Nancy Amert

Nancy Amert

Director, Consulting Services

In this four-part blog series, we’re exploring the move toward sustainable finance. In part 1, we examined the increasing linkage between banking and sustainability, and, in part 2, we saw what’s motivating banks to participate in the emerging finance eco-space. In part 3, we took a look at current sustainability practices and expected outcomes through two real-life examples.

In this final installment, we examine a few of the strategic and tactical issues arising from the integration of sustainable supply chain finance (SSCF) with existing supply chain finance banking systems and software. We also consider the potential upside of this integration and start looking toward potential outcomes.

As shared in our 2021 CGI Voice of Our Clients findings, 59% of executives who are achieving results from their digital strategies feel strongly that environmental sustainability is core to creating value for customers. With sustainability a growing point of differentiation for digital leaders across industries, it’s important to document the key questions that need to be answered to plan how you will assess and measure your sustainability objectives.

Measuring a supplier’s carbon emission reductions

First, to help plan how sustainability becomes a differentiator, it is important to understand how a supplier’s carbon emission reductions can be measured. How does a company learn about its supplier’s business at that level of detail? How does the company’s own bank learn about its sustainability efforts with suppliers?

In part 3, we talked about the SSCF efforts of Puma, the athletic footwear manufacturer. Puma initiated an SSCF project (Puma Vendor Financing Program) that offers favorable financing to suppliers that achieve high sustainability ratings. But, how does Puma track and rate its suppliers’ sustainability efforts?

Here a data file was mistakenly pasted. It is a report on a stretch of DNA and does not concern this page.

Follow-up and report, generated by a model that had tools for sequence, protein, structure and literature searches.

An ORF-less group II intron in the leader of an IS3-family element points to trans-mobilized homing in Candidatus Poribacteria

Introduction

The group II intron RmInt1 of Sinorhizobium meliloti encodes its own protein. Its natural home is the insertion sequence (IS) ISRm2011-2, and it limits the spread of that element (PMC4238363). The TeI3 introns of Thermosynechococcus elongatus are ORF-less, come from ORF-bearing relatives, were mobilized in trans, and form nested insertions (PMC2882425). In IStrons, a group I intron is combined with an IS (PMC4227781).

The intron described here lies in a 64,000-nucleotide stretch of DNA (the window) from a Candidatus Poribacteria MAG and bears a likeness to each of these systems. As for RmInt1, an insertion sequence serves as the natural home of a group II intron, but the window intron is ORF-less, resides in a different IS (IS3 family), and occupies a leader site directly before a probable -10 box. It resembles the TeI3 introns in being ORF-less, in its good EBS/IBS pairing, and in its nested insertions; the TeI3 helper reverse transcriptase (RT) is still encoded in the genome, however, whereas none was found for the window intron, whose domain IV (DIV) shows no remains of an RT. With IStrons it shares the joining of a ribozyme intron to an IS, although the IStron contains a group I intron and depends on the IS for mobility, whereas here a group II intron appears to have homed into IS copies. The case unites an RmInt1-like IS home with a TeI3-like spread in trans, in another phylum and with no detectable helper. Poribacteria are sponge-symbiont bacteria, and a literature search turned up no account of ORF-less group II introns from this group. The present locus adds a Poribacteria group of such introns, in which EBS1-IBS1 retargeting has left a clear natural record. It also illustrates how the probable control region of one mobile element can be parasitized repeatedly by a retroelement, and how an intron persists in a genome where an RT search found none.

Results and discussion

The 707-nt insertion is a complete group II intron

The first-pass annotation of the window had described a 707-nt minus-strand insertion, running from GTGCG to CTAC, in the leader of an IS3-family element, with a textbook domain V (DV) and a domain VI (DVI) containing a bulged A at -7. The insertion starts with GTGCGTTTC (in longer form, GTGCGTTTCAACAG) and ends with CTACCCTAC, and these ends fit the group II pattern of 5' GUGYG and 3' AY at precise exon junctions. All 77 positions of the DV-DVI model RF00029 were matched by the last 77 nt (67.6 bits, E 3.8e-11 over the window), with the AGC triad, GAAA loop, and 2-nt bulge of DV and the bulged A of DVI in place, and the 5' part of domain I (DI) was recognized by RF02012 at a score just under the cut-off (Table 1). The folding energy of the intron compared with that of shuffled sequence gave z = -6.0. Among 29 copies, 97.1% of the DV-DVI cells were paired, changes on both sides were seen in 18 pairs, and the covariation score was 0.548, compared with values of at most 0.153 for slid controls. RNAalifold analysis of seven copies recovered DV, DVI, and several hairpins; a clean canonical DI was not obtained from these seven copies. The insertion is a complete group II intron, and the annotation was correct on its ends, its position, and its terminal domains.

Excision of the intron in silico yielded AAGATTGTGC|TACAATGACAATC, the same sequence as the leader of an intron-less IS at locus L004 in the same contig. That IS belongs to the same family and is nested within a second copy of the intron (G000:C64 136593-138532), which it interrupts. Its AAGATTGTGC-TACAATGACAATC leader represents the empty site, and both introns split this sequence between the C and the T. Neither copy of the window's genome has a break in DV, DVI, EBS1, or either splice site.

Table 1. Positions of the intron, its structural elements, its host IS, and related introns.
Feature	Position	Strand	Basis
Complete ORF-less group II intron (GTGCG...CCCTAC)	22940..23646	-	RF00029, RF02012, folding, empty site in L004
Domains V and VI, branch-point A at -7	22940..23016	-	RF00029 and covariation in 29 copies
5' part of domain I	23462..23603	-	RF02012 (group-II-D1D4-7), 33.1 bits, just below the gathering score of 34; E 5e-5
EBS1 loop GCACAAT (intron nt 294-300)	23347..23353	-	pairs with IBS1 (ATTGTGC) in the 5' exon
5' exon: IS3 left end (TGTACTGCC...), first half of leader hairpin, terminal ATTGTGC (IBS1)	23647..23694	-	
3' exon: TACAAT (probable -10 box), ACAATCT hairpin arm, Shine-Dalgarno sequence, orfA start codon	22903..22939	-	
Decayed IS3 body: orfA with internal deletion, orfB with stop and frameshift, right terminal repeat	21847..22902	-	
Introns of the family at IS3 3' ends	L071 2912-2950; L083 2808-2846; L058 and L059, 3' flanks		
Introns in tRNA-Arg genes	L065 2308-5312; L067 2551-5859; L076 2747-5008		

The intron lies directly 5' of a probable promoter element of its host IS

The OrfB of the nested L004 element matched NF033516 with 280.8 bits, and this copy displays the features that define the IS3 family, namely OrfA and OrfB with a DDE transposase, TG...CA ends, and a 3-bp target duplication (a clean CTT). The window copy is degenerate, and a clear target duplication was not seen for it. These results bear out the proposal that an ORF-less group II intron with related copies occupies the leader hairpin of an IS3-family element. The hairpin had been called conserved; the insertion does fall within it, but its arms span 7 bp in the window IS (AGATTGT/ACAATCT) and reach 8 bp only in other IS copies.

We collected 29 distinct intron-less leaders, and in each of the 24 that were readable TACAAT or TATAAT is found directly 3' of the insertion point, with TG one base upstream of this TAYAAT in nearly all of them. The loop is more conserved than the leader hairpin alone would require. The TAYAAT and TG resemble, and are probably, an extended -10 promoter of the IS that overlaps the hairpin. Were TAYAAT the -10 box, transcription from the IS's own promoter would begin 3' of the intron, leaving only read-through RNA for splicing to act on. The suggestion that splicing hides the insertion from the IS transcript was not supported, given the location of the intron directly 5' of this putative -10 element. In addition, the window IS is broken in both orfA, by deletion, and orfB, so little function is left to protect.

As an example, let’s assume Puma’s rubber manufacturer can trade in its fleet of old, gas-powered trucks for hybrid-electric vehicles. Because fossil fuel releases a lot of carbon when it is burned, any effort to reduce consumption should score major sustainability “points.” An energy efficiency engineer can calculate actual carbon emission reduction, but how this information is captured and used is my first focus.

Here are key questions to consider:

  • How can the carbon emission reduction information be validated? Puma can ask the rubber supplier for documentation, such as a copy of its purchase agreement for hybrid vehicles.
  • How can this information be aggregated? Puma can ask all of its SSCF-participating buyers and suppliers to provide verifiable examples of their carbon-reduction activities. This tracking and tallying can be done pretty simply using a spreadsheet or database.
  • How can this information be shared? Puma can share its collective carbon-reduction efforts with its entire global buyer and supplier base via press releases, marketing campaigns, annual reports to shareholders, etc.

Preparing for “green” tax incentives

Measuring suppliers’ carbon emission reductions is important, along with preparing for “green” tax incentives. These incentives are one of the most important financial motives for driving sustainability behaviors—and making sustainability a differentiator for your organization. While the prospect of government incentives is promising, it spawns more questions regarding how these incentives will be handled.

Here are key questions to consider:

  • Does a company offering an SSCF program receive a tax break or only entities that actually make a tangible shift in their operations—or both?
  • Will tax authorities want to know where a company is today regarding carbon-generating activities, i.e., its carbon footprint?
  • Where does carbon-reduction data come from and who’s going to organize and analyze it?
  • How will new applications and tooling for managing incentives be integrated with legacy systems? Further, how soon will that integration happen?

I don’t expect any notable "green" tax incentives to start going into effect until near the end of 2022. With this timeline in mind, we have a bit of time to get ready for a wave of green initiatives and new related technology solutions before they hit the market.

Our collective SSCF journey

We, as global citizens, have a lot of hard work in front of us. As we begin building direct connections between existing SCF programs and solutions and sustainability efforts, I believe we will realistically tackle climate change during our lifetimes, and that we can collectively hit the 2030 net-zero carbon emission goal.

After all, 2022 is just around the corner.

For more discussion on this topic, feel free to reach out to me.

 

About this author

Nancy Amert

Nancy Amert

Director, Consulting Services

Nancy has 25+ years’ experience in banking and trade and is a recognized thought leader in blockchain and distributed ledger technologies (DLT). As director of CGI’s Trade Innovation Lab, she is helping to lead and shape the strategic direction of the CGI Trade360 SaaS platform ...